Two-thirds of cases of Guillain-Barre syndrome are preceded by symptoms of an upper respiratory tract infection or diarrhea [3]. The most frequently identified infectious agent associated with the subsequent development of Guillain-Barre syndrome is Campylobacter jejuni followed by cytomegalovirus. The incidence of Guillain-Barre syndrome is estimated to be 0.25 to 0.65 per 1000 cases of Campylobacter jejuni infection and 0.6 to 2.2 per 1000 cases of primary cytomegalovirus infection. Other infectious agents with a well-defined association with Guillain-Barre syndrome are Epstein-Barr virus, Varicella-Zoster virus, mycoplasma pneumonia, and hemophilus influenza [3]..

There is evidence from both human and animal studies that some cases of Guillain-Barre syndrome are caused by an infection-induced aberrant immune response that damages peripheral nerves [3]. Four key factors that control this response have been identified: antiganglioside antibodies, molecular mimicry and cross-reactivity, complement activation and host factors. In about half of patients with Guillain-Barre syndrome, serum antibodies to various gangliosides have been found in peripheral nerves such as LM1, GM1, GM1b, GM2 and GD1a [3]. These gangliosides have a specific tissue distribution in peripheral nerves and are organized in specialized functional microdomains called “lipid rafts”, and play a part in the maintenance of the cell membrane structure. It is proposed that immune responses directed towards the infecting organisms are involved in the pathogenesis of Guillain-Barre syndrome by cross-reaction with neural tissues. The infecting organism induces humoral and cellular immune responses that, because of the sharing of homologous epitopes (molecular mimicry), cross-react with ganglioside surface components of peripheral nerves [2]. The phenomenon of molecular mimicry has been shown between the gangliosides of peripheral nerves of patients with Guillain–Barre syndrome and the lipooligosaccharide part of the outer membrane of C. jejuni [4].

We describe a patient with Guillain-Barre syndrome who was found to have pulmonary tuberculosis. We could find only 2 reports in the literature describing 3 patients with such an association [5, 6].

One report [5] described two patients: The first was an 18-year-old man who was admitted with acute onset of weakness involving upper and lower limbs for 10 days along with feeling unwell, weight loss and chronic productive cough. After treatment with anti-tuberculosis medications and steroids, the patient subsequently improved and had complete neurological recovery after 10 weeks. The second patient was a 56-year-old woman who was admitted to the hospital with a 3-week history of weakness of all four limbs, chronic productive cough, loss of appetite and fever. The patient was started on anti-tuberculosis therapy, but she was discharged against medical advice on the third day and died at home. No further details were provided in the report. The diagnosis of tuberculosis in both patients was made on the basis of radiological imaging, as they were too weak to produce a satisfactory specimen of sputum.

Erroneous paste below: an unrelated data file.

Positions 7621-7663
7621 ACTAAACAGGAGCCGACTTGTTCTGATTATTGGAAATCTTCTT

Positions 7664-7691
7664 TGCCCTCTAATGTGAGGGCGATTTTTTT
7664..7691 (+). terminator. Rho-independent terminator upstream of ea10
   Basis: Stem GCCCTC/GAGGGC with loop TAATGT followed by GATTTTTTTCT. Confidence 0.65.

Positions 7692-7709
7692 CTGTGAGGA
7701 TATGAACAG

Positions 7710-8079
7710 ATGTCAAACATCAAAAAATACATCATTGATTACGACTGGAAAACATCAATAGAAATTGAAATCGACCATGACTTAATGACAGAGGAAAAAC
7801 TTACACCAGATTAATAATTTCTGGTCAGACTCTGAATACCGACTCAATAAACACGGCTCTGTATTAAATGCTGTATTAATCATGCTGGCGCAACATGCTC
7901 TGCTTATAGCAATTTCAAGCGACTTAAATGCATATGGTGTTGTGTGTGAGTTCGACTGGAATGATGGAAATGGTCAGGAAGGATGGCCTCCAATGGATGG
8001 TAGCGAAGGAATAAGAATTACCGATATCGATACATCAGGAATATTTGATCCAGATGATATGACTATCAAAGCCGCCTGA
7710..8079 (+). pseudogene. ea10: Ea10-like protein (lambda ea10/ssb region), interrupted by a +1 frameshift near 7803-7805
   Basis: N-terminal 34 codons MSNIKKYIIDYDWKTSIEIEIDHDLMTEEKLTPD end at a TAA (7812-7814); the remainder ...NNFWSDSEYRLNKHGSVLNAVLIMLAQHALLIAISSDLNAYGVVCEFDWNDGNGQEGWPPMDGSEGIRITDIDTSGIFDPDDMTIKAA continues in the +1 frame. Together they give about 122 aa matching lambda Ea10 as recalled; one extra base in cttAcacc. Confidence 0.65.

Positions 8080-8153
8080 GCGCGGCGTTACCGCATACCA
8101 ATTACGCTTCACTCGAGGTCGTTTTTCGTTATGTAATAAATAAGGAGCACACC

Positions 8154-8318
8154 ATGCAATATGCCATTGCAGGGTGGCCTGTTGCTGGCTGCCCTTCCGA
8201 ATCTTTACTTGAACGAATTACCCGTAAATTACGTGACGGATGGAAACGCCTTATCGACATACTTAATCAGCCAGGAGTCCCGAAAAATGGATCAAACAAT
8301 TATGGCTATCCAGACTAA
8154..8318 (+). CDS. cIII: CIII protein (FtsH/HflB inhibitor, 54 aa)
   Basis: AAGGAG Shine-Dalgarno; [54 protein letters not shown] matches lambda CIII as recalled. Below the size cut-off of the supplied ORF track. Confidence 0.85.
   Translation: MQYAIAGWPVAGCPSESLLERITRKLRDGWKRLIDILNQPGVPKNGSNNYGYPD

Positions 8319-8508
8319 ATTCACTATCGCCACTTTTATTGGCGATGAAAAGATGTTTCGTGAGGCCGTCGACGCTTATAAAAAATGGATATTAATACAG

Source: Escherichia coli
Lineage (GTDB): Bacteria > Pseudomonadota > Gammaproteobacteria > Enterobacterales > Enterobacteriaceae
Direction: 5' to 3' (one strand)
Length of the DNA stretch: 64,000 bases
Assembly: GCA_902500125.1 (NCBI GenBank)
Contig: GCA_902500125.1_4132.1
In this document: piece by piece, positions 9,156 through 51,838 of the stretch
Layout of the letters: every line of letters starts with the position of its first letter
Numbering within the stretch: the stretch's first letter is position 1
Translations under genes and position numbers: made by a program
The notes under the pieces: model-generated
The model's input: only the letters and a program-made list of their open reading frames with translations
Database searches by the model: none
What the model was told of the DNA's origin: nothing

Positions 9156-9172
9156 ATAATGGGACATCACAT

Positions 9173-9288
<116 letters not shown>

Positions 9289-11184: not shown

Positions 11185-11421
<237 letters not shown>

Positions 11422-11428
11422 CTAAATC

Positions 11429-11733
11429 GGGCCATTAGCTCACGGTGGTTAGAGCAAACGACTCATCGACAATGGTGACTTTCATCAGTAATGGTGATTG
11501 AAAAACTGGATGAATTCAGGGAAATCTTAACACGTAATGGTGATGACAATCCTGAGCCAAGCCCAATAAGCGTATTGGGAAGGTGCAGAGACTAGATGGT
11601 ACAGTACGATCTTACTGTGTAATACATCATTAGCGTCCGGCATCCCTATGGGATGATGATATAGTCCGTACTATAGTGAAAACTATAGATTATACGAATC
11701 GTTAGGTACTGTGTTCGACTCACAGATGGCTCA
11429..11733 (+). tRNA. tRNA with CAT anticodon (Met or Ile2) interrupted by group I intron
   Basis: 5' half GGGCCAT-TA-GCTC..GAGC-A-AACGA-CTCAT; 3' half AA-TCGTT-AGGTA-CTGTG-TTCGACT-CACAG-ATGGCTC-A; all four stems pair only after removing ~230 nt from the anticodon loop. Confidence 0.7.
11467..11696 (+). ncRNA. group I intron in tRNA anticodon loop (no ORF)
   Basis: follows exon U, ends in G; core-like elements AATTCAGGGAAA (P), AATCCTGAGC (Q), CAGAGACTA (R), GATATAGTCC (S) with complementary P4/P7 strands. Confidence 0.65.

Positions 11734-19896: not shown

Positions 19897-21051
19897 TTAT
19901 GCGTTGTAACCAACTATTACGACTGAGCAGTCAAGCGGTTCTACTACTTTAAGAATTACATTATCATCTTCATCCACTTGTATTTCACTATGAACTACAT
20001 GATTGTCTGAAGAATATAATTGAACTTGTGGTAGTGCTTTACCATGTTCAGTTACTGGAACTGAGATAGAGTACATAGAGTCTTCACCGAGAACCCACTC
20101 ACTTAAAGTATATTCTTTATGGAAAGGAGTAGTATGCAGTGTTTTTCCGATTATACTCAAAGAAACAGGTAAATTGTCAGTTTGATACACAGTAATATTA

The second report [6] described a 35-year-old man with a history of leprosy and tuberculous pleural effusion who was not adherent with therapy. He presented with sudden inability to walk and weakness of the upper limbs that was preceded by symptoms of a respiratory tract infection. Guillain-Barre syndrome was diagnosed. The sputum smear for Acid-fast bacilli was negative, but the chest X-ray revealed findings suggestive of pulmonary tuberculosis.

In a review of 1,100 cases of Guillain-Barre syndrome, about two-thirds of the cases were associated with medical conditions. The review reports tuberculosis as an associated illness in 8 cases. However, these cases were grouped under “tuberculosis of the lungs and brain”; the review does not provide further details and did not differentiate between pulmonary tuberculosis and other forms of tuberculosis [7].

To our knowledge, the patient we report is the first case of Guillain-Barre syndrome with microbiological confirmation of pulmonary tuberculosis. This association has not been confirmed and it remains a question whether tuberculosis is a contributory factor in the development of Guillain-Barre syndrome. We wish to draw the attention of clinicians to the consider tuberculosis as a possible associated condition when evaluating patients with Guillain-Barre syndrome.

Conflict of Interest

The authors certify no conflict of interest in the case report presented within. We report no financial or personal relationships with other people or organizations that could inappropriately influence our work.

  1. Poropatich KO, Walker CL, Black RE. Quantifying the association between Campylobacter infection and Guillain-Barre syndrome: a systematic review. J Health Popul Nutr. 2010;28(6):545-552.
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  2. Hahn AF. Guillain-Barre syndrome. Lancet. 1998;352(9128):635-641.
  3. van Doorn PA, Ruts L, Jacobs BC. Clinical features, pathogenesis, and treatment of Guillain-Barre syndrome. Lancet Neurol. 2008;7(10):939-950.
  4. Yuki N, Hartung HP. Guillain-Barre syndrome. N Engl J Med. 2012;366(24):2294-2304.
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  5. Vyravanathan S, Senanayake N. Guillain-Barre syndrome associated with tuberculosis. Postgrad Med J. 1983;59(694):516-517.
  6. Rao TR, Bhaskar Y, Bhaskar MV. Guillain - Barre syndrome in pulmonary tuberculosis. Ind J Tub. 1983;30:118-120.
  7. Leneman F. The Guillain-Barre syndrome. Definition, etiology, and review of 1,100 cases. Arch Intern Med. 1966;118(2):139-144.